Did you know New York City has official borough historians for the five boroughs?
Lloyd Ultan, a native Bronxite, has been working as the Bronx Borough Historian for almost 20 years. He was appointed by then-Bronx Borough President Fernando Ferrer in 1996 and has served three borough presidents.
Ultan says many people are not aware that his job exists, but he occasionally receives inquiries from the public. His main responsibilities include answering questions about history of the borough from the public, researchers and journalists. He has also written a number of books about history of The Bronx.


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Lloyd Ultan, 77, was born in The Bronx as a son of Eastern European immigrants who were Jewish. He grew up on the Grand Concourse neighborhood and currently lives in Marble Hill. He has never lived outside the borough of The Bronx.
Ultan has witnessed drastic changes of the borough through over 70 years of his life: Flourishing period of 1940s-50s, deteriorating period of 1960s-80s and recovering period of 1990s-2000s.
Since his appointment as the Bronx Borough Historian in 1996, Ultan has served three borough presidents.
To make his living, Ultan commutes by bus to New Jersey three times a week to teach history at Fairleigh Dickinson University. He also works at the Bronx County Historical Society every Friday.
Ultan has written 13 books about the borough. His book titles include “The Birth of the Bronx: 1609-1900,” “The Bronx in the Innocent Years: 1890-1925” and “The Beautiful Bronx: 1920-1950.” His new book “The Bronx: The Ultimate Guide to New York City’s Beautiful Borough” is schedule to come out in June 2015.
Even though his love and passion toward The Bronx has never changed, Ultan says the borough has gone through ups and downs in the last half-century. In particular, the borough has long suffered from the stigma of 1970s when many of the neighborhoods deteriorated due to the economic and social changes.
As recent years have seen rapid gentrification in many of the borough’s neighborhoods, an increasing number of new residents are moving into The Bronx. The borough has gradually overcome the stigma from “The Bronx is burning.” Ultan is convinced that his duty, as the borough historian, is to educate the public about its history.



Hello, this is Lloyd Ultan, the Bronx Borough Historian…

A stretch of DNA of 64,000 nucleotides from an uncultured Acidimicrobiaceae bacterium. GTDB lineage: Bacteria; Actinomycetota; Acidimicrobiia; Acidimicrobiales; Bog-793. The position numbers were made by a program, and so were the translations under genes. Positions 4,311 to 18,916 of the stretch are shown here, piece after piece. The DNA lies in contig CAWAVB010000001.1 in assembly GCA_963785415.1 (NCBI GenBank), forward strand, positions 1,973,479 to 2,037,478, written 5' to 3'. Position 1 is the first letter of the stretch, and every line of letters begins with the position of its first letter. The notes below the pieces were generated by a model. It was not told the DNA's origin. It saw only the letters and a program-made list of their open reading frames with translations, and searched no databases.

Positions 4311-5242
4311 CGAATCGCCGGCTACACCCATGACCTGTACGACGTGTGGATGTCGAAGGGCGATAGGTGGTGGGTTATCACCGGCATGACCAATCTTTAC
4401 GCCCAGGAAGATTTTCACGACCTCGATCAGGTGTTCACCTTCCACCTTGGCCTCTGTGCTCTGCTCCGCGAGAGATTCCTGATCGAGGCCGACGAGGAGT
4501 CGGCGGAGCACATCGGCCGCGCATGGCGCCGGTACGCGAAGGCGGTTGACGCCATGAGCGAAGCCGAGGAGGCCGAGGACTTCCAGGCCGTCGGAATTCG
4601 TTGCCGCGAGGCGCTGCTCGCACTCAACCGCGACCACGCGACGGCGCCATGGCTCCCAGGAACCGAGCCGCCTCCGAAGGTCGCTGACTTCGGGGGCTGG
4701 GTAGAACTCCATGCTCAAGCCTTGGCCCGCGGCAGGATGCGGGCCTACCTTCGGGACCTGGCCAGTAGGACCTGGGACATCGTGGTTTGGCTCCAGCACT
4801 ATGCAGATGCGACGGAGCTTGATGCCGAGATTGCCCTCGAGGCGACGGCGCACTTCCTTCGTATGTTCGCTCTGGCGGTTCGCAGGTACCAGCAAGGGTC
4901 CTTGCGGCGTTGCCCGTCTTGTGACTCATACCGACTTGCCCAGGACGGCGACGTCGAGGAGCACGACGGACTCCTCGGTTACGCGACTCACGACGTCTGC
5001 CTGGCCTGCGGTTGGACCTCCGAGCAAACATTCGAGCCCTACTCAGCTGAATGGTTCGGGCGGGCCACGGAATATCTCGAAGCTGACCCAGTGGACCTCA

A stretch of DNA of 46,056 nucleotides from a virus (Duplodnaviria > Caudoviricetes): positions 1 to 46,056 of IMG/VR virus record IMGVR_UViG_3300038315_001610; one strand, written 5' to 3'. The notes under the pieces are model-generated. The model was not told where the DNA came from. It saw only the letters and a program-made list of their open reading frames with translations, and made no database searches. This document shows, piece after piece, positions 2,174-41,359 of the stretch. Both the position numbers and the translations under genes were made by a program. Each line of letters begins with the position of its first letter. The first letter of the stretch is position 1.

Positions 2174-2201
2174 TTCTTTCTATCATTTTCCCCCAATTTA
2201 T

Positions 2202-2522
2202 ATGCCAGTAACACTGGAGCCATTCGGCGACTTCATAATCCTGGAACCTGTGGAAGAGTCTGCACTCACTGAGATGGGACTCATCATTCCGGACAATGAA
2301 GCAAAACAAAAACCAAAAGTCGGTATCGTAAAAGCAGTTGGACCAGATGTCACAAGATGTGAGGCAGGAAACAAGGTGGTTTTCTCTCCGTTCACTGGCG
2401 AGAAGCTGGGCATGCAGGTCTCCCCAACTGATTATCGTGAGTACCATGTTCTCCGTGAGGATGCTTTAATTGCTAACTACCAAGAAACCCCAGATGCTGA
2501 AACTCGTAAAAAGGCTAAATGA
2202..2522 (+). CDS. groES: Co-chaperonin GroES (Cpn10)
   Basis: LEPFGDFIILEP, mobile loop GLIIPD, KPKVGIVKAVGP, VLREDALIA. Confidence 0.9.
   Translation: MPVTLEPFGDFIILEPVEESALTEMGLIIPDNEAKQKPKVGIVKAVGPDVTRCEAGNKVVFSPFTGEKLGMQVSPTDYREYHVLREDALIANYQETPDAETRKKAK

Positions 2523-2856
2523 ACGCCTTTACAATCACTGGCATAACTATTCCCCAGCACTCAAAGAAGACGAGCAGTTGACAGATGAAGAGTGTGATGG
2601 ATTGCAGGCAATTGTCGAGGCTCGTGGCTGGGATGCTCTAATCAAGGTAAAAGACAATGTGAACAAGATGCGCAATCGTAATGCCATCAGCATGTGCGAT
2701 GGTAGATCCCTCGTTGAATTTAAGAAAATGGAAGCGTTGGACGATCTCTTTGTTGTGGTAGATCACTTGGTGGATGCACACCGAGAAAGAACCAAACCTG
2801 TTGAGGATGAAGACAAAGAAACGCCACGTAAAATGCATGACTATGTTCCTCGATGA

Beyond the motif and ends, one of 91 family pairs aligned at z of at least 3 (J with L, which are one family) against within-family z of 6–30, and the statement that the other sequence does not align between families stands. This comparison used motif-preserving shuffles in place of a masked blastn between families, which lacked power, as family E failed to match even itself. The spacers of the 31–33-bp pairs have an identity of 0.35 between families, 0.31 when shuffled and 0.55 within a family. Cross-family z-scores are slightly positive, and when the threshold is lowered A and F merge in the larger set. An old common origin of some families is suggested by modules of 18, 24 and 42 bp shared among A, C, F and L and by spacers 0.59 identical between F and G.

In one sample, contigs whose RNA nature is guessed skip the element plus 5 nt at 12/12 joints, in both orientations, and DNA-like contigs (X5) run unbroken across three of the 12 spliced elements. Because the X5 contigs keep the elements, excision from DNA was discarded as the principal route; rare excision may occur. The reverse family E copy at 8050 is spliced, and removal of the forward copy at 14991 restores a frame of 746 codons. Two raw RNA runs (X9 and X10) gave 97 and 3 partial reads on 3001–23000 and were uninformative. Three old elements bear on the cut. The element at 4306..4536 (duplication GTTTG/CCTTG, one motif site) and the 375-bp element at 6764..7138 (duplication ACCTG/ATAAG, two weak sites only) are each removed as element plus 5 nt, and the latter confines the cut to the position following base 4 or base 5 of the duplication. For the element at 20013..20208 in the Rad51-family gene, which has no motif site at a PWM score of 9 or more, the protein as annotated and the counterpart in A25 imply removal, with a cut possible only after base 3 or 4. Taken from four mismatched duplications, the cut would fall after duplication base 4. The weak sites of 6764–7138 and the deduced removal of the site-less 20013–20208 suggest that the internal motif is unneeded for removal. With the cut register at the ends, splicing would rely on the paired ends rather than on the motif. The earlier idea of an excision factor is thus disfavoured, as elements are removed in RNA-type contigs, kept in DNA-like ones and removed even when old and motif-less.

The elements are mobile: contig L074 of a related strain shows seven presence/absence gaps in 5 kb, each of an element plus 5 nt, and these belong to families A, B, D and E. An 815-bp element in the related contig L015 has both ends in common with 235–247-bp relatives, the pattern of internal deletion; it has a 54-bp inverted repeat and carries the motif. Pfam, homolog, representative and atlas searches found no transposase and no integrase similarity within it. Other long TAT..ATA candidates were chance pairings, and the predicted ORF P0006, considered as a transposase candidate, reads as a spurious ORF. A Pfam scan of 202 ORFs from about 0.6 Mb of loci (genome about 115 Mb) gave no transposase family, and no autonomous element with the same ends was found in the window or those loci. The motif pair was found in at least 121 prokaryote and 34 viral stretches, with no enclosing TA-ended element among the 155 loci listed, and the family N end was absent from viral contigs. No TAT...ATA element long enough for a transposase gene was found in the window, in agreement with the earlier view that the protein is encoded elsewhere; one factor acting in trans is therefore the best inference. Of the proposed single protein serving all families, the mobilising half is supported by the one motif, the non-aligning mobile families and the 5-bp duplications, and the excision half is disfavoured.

I got a telephone call from the Borough President’s office and they asked the question “Would you want to be a next borough historian?” And I said, “Wait a second. Yes!” And so, in October of 1996 I was appointed the Bronx borough historian.
My name is Lloyd Ultan. I was born February 16, 1938 in The Bronx, New York.
What I am supposed to do as a Bronx borough historian is to make recommendations to preservation of records. I am supposed to track down those records that wonder around and bring them back. I am supposed to encourage private businesses and organizations and institutions to preserve their records. And then, I am supposed to use all these records to write the history of the borough of The Bronx.
According to the New York state law, I like to say I get a six-figure salary. But, unfortunately by that law, all six figures are zero. I am not paid for being the Bronx Borough Historian.
I have never considered there was any challenge to be a historian of the Bronx borough. The only thing I would have to say is that sometimes I have to explain to them what I do and what the office is all about. In other words, why should I pay attention to you anyway?
I get a telephone call from somebody who said “I am not asking this for myself, but for my neighbor. She is a Holocaust survivor. And, now the Federal Republic of Germany is giving reparations to all the Holocaust survivors. But, they demand documentation of what happened to them afterwards. She remembers that after the war she came to the United States as a girl, she was put into an orphanage in Hunts Point in The Bronx. Do you know the name of the orphanage so that we can find some documentation?” So, an hour and half later, I called back. I found it in an old atlas. And, I said “It was the Shield of David Home for Orphan Girls. It was a Jewish orphanage. And, it was located on Faile Street in Hunts Point. And, it no longer exists today. But, that was the orphanage. And, the guy says “That’s wonderful. I think we have now the documentation.” And, I felt great with that. That was the greatest feeling when I did that.


For more information, contact:
Ken Aragaki
CUNY Graduate School of Journalism

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